Creation and other cultural tales are important to framing a culture's beliefs and values -- and passing those on. The Wabanaki -- Maliseet, Micmac, Passamaquoddy and Penobscot -- Indians of Maine and Nova Scotia tell stories of a cultural hero/creator, a giant who lived among them and who promised to return.
Learn about Native diplomacy and obligation by exploring 13,000 years of Wabanaki residence in Maine through 17th century treaties, historic items, and contemporary artworks—from ash baskets to high fashion. Wabanaki voices contextualize present-day relevance and repercussions of 400 years of shared histories between Wabanakis and settlers to their region.
When Europeans arrived in North America and disrupted traditional Native American patterns of life, they also offered other opportunities: trade goods for furs. The fur trade had mixed results for the Wabanaki.
In the beginning, there were the Wabanaki… Wabanaki encampment, ca. 988 BCEItem Contributed byAbbe Museum Nearly 500 years ago, Wabanakis…
Wabanaki encampment, Bar Harbor, ca. 1890Item Contributed byAbbe Museum In the olden days, from about 1860 to 1900, I well remember that Indian…
Grade Level: K-2
Content Area: Social Studies
Teaching K-2 students about the Maine Wabanaki tribes through the lenses of Indigenous People's day and the concept of "community". Students learn about the 4 Maine Native American tribes, and analyze their tribal flags. Students then, in small groups, create their own community flags, using symbols and pictures to represent what is important to their school or classroom "community".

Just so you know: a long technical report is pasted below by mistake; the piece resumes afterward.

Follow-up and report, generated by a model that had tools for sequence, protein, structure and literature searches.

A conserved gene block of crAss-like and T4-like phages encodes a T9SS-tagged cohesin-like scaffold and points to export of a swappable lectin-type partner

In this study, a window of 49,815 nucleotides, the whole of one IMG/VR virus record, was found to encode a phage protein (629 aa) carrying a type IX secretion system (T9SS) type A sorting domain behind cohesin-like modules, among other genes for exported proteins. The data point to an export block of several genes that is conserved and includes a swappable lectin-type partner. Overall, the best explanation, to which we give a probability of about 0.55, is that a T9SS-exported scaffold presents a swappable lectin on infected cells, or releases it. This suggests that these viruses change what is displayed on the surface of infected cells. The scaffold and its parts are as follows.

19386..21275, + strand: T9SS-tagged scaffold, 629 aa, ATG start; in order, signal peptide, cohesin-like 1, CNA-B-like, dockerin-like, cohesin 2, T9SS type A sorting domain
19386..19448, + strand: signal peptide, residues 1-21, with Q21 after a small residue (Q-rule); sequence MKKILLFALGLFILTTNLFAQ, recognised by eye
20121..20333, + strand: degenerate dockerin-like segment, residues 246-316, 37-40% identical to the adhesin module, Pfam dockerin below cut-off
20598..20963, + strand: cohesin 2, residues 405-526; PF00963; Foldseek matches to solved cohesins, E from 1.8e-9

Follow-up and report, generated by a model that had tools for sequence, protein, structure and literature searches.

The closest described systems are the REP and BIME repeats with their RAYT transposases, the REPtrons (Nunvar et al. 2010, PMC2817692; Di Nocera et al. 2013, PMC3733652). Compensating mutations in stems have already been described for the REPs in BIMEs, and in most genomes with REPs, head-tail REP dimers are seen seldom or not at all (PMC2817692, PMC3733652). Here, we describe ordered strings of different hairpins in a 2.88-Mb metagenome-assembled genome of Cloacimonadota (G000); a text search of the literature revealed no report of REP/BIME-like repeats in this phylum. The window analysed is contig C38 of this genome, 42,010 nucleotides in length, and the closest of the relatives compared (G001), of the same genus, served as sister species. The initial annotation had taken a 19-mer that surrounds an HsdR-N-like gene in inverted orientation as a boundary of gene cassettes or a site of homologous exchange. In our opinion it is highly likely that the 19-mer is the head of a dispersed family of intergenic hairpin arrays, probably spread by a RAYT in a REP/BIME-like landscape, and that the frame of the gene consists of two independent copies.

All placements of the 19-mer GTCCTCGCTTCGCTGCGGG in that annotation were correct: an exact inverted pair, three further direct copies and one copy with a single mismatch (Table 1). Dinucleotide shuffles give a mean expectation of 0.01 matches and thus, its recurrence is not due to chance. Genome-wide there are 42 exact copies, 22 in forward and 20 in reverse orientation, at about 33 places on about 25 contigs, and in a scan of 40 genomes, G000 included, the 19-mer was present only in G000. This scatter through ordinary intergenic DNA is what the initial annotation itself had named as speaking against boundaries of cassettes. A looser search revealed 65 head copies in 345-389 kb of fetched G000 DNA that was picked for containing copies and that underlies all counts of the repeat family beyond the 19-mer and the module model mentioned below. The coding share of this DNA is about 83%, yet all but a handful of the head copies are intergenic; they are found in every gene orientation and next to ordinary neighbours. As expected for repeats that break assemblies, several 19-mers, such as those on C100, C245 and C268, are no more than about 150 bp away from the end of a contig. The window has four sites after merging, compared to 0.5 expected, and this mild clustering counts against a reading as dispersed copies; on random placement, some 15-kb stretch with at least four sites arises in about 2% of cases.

Grade Level: 9-12
Content Area: English Language Arts, Social Studies
This lesson plan will introduce students to the history of the forced expulsion of thousands of people from Acadia, the Romantic look back at the tragedy in Henry Wadsworth Longfellow's famous epic poem Evangeline and the heroine's adoption as an Acadian cultural figure, and Maine's Acadian community today, along with their relations with Acadian New Brunswick and Nova Scotia residents and others in the Acadian Diaspora. Students will read and discuss primary documents, compare and contrast Le Grand Dérangement to other forced expulsions in Maine history -- such as Wabanaki land seizures and the Malaga Island tragedy – and discuss the significance of cultural survival amidst hardships brought on by treaties, wars, and legislation.
Grade Level: 3-5, 6-8
Content Area: Social Studies
This lesson plan will give students a foundational overview of the events leading up to Maine’s separation from Massachusetts in 1820. Through class participation exercises and a chance to look at historic maps and documents, students will begin to place where Maine's statehood fits into the broader narrative of 18th and 19th century American history. They will have the opportunity to cast their own Missouri Compromise vote after learning about Maine’s long road to statehood, and will make connections between the shape, citizens, and governance of Maine today and the shape, citizens, and governance of Maine in 1820.